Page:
Each new pool we fished gave another lesson in bass behaviour. The other cool thing was that the fish were getting bigger. As the shadows were starting to get longer I hooked a nice fish just as Dave came up tight from a well placed cast that touched down under some overhanging branches in a shady corner. I saw the fish’s tail break the water and I knew it was a beauty, but it wasn’t until I landed my fish and walked over to Dave that I realised how big his bass really was. My fish was nice but Dave’s was a ripper.

A quick measure with the tape confirmed what we were all thinking: 50cm at the fork. A stunning fish out of such skinny water. Dave’s plan B turned out to be a red-hot option and we ended up having what I would have to say is one of the most memorable bass fishing sessions I think I have ever had. We ended up catching 20 bass between the three us, but most of them were big fat healthy fish and the best part was we watched most of them eat our lures.

After a long day we made our way back to the lodge and fired up the barbie to enjoy a dinner of fresh pearl perch and crack that bottle of Bundy reserve.

That night I sat back and noticed there were no street lights at the Bass Lodge. There are no streets for that matter, just a dirt track. From the deck I could hear the river running and the stars looked as bright and clear as the water we fished that day. That deck seems to have a strange power over bass fishermen; once you sit down it’s hard to walk away, and when you do, you can’t wait to get back.

The next morning we got up early and headed back to where we had finished fishing the day before. Our plan was to keep making our way up stream and film the action for the Fisho website.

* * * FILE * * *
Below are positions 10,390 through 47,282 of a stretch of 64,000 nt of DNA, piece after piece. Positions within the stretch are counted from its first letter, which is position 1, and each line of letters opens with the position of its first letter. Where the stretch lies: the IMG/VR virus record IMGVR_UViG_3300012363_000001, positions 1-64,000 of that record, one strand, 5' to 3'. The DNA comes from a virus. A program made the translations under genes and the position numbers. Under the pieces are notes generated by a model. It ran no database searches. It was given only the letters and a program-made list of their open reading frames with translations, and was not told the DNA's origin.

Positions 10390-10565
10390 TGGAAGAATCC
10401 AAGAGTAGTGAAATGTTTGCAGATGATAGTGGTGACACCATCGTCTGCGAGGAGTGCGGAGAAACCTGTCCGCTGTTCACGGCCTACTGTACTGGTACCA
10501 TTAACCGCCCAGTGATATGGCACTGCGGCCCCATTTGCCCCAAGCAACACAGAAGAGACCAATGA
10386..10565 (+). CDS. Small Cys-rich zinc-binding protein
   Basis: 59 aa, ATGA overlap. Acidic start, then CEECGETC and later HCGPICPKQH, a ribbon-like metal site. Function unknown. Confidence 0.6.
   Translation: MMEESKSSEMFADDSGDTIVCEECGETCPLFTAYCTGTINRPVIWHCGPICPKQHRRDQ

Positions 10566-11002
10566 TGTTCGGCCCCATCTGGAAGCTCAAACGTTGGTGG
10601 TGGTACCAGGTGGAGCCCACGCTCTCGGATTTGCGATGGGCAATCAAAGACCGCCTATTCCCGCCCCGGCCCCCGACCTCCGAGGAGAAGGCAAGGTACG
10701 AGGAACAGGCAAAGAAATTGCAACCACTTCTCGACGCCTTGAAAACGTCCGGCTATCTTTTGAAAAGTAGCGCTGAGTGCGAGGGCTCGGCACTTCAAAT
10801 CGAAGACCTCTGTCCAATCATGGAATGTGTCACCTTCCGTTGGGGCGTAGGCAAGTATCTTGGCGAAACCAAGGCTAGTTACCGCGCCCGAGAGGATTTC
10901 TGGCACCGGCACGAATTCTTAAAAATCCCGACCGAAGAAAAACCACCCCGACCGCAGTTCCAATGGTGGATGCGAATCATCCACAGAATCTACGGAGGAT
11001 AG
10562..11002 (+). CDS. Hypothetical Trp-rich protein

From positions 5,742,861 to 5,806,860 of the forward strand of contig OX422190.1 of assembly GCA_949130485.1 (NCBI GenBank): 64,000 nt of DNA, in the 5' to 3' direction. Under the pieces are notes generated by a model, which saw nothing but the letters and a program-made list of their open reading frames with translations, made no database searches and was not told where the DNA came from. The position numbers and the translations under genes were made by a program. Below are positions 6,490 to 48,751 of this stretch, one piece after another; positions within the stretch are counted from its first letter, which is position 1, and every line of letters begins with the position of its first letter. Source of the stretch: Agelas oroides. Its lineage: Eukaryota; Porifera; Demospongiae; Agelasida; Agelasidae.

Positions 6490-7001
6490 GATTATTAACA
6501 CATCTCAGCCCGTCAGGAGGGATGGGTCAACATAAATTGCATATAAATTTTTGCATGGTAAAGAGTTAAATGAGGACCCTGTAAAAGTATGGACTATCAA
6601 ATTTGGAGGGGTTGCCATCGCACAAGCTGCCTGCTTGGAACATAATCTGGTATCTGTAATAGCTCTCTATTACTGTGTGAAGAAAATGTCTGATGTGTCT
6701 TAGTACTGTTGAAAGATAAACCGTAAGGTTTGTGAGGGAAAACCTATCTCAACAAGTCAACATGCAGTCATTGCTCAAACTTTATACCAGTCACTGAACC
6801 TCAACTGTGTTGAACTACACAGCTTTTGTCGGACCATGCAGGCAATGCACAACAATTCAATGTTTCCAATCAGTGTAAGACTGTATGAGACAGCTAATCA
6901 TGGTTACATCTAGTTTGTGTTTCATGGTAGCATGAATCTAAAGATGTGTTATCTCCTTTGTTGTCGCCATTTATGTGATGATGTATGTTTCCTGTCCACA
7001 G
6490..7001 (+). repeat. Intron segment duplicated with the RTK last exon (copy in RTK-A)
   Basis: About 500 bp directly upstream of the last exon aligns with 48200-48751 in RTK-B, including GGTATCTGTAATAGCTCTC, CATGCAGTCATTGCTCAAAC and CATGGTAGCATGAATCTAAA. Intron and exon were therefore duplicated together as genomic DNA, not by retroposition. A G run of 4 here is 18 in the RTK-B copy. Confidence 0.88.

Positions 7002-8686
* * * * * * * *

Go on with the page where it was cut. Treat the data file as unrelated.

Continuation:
The first pool we fished we managed a small fish; the next one Scotty caught a slightly better fish. The bigger fish were there – they just weren’t interested in eating our lures. I’m sure we still had a good barometer, but the water temperature was definitely cooler than the day before and the bass had lockjaw.

We saw a couple of platypus that morning and Scotty had a close encounter with a red belly black snake. Lucky for Scott not even the snakes were in the mood to bite and it slid away quietly as we filmed it.

We moved on and fished a few more pools with the same result: lots of big bass, some holding station only metres from where we stood, but nothing we tried would get them to bite. It was incredible how two days can be so different.

Anglers visiting the Bass Lodge can bring their own canoes and kayaks or hire them at Lodge, which can be convenient if you have a larger group or a long distance to travel. The Lodge also offers guided fishing trips that vary in length and location depending on your taste for adventure.

The Lodge’s trusty old Toyota troop carrier is fitted with a set of sturdy roof racks that can carry a couple of canoes or kayaks to a chosen launch or pick up location.

For those that just want to get away and enjoy some peace and quiet and a bit of bush walking, the Bass Lodge is a hard spot to beat. Next time I go back I hope to sample some of the night-time topwater lure action that Dave has been telling me about. Jitterbugs on the long dark pools at night sounds like great fun. Stay tuned!
Contacts: If you’re interested in visiting the Bass Lodge, check out a comprehensive website at or phone 0450 557929.